Already, we’re into Prison School territory with Kakegurui, what with a powerful woman in charge, a mostly-innocent boy under her heel, and a mood not afraid to get a little kinky about it.

Of course, Suzui isn’t totally innocent—he did gamble after all—but he’s in an unenviable position at the start of the story, and feels like there’s no hope. That is, until hope arrives in the person of Jabami Yumeko, an elegant raven-haired maiden initially appears to be both the visual and emotional yin to the blonde Mary’s yang.

Of course, Jabami is way too suspiciously affable and bubbly; it’s clear even if one didn’t watch the sultry, hedonistic OP that she’s a hustler and that Saotome Mary is her latest mark. Be forewarned: is a show that revels in twisting up its characters’ faces to disturbing degrees.

Saotome challenges Jabami to a friendly game of the “Rock-Paper-Scissors Voting Game”, which combines RPS and an extra element of imbalance due to the randomness of the votes.

Jabami wins a couple of two-chip hands but also lets Saotome win a couple of far larger ones involving a million yen—all to put Saotome in a false sense of confidence while determining how Saotome is using the assembled voters (many in her debt, like Suzui) to cheat.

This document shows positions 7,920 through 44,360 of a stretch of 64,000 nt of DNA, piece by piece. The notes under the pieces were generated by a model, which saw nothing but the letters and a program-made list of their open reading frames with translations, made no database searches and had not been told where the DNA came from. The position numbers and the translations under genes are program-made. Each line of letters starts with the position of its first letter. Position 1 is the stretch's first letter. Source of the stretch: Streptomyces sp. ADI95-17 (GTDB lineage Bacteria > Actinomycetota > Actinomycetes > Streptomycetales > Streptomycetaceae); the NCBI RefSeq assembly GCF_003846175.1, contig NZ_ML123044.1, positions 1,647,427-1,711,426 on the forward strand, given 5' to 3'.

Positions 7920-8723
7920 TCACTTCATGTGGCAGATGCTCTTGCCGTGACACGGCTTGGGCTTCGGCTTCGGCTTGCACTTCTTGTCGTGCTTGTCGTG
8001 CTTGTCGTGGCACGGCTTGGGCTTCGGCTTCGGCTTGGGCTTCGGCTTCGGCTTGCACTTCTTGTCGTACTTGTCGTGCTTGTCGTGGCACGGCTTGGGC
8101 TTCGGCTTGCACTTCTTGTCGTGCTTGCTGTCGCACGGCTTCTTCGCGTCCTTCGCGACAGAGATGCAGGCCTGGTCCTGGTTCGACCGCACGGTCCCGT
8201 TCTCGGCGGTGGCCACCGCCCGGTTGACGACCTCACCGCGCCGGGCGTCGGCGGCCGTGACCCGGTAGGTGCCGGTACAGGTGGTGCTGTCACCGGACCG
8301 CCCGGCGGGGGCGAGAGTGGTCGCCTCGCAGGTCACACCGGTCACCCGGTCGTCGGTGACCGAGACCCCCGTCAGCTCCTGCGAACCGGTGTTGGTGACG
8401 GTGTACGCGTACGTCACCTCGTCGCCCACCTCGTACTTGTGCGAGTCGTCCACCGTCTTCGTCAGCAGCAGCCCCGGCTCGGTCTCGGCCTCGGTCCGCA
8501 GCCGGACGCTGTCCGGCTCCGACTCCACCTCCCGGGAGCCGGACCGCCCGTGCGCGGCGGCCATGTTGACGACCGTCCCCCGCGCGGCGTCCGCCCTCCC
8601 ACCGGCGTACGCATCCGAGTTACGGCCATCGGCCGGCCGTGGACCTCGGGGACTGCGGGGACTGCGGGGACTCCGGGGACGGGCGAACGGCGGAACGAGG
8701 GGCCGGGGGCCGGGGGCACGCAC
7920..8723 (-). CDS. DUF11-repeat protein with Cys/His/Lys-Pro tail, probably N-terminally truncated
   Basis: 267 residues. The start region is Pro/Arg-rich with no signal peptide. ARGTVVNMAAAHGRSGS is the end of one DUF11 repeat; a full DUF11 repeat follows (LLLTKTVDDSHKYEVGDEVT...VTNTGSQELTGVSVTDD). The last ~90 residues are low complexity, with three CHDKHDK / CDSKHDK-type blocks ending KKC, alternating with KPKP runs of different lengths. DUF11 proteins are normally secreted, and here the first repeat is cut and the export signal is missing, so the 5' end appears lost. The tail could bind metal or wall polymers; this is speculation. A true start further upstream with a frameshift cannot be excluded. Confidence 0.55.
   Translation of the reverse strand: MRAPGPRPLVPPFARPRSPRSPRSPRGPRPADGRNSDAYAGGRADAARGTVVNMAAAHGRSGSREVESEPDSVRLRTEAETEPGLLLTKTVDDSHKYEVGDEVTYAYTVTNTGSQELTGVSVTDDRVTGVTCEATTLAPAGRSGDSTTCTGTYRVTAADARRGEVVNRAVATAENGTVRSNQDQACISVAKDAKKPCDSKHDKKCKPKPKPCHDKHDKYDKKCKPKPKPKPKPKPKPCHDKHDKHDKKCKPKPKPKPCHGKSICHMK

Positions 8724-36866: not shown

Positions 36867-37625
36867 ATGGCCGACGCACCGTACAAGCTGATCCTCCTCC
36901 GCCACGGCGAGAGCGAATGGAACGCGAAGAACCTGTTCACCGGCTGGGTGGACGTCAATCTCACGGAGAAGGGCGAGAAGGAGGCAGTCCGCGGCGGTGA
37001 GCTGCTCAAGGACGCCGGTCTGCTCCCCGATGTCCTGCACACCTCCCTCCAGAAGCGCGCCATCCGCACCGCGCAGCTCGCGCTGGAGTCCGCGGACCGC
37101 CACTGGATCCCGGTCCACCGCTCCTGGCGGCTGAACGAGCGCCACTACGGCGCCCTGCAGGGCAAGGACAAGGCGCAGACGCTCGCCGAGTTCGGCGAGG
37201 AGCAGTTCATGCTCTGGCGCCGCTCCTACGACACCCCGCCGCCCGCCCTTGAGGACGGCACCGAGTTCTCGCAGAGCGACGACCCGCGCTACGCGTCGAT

Once Saotome drops the nice act and shows Jabami her “war mask”, Jabami has no more reason to hide her own: buying back in to the tune of ten million yen cash before having what could be described as a “gamblegasm” whilst striking a pose.

The only RPS hand that matters is the final one, in which Jabami walks away with a cool 8.8 million yen (around 77,000 USD) after subtracting her initial losses. Rather, she walks away with Mary 8.8 million in her debt, which seems like a far worse place to be.

Suzui, ashamed that he was compelled to help Saotome cheat (which Jabami picked up on by spying on him with her compact mirror), apologizes to her and vows to drop out of an academy in which he feels he has no business being. To his shock, Jabami earnestly thanks him for the fun gambling she was able to experience on her first day, and drops a fat stack in his hand to back up her words with green.

And there you have it: Gambling school, weird over-the-top twisted expressions, some light S&M, and some (so-far) elemental but promising characters. MAPPA delivers a solid production with bold lighting, visceral sound, and a red-and-black palette appropriate to the gambling theme. Performance-wise, it’s a delight to hear Hayami Saori as Jabami shift from meek to meaty on a dime. Definitely worth a look.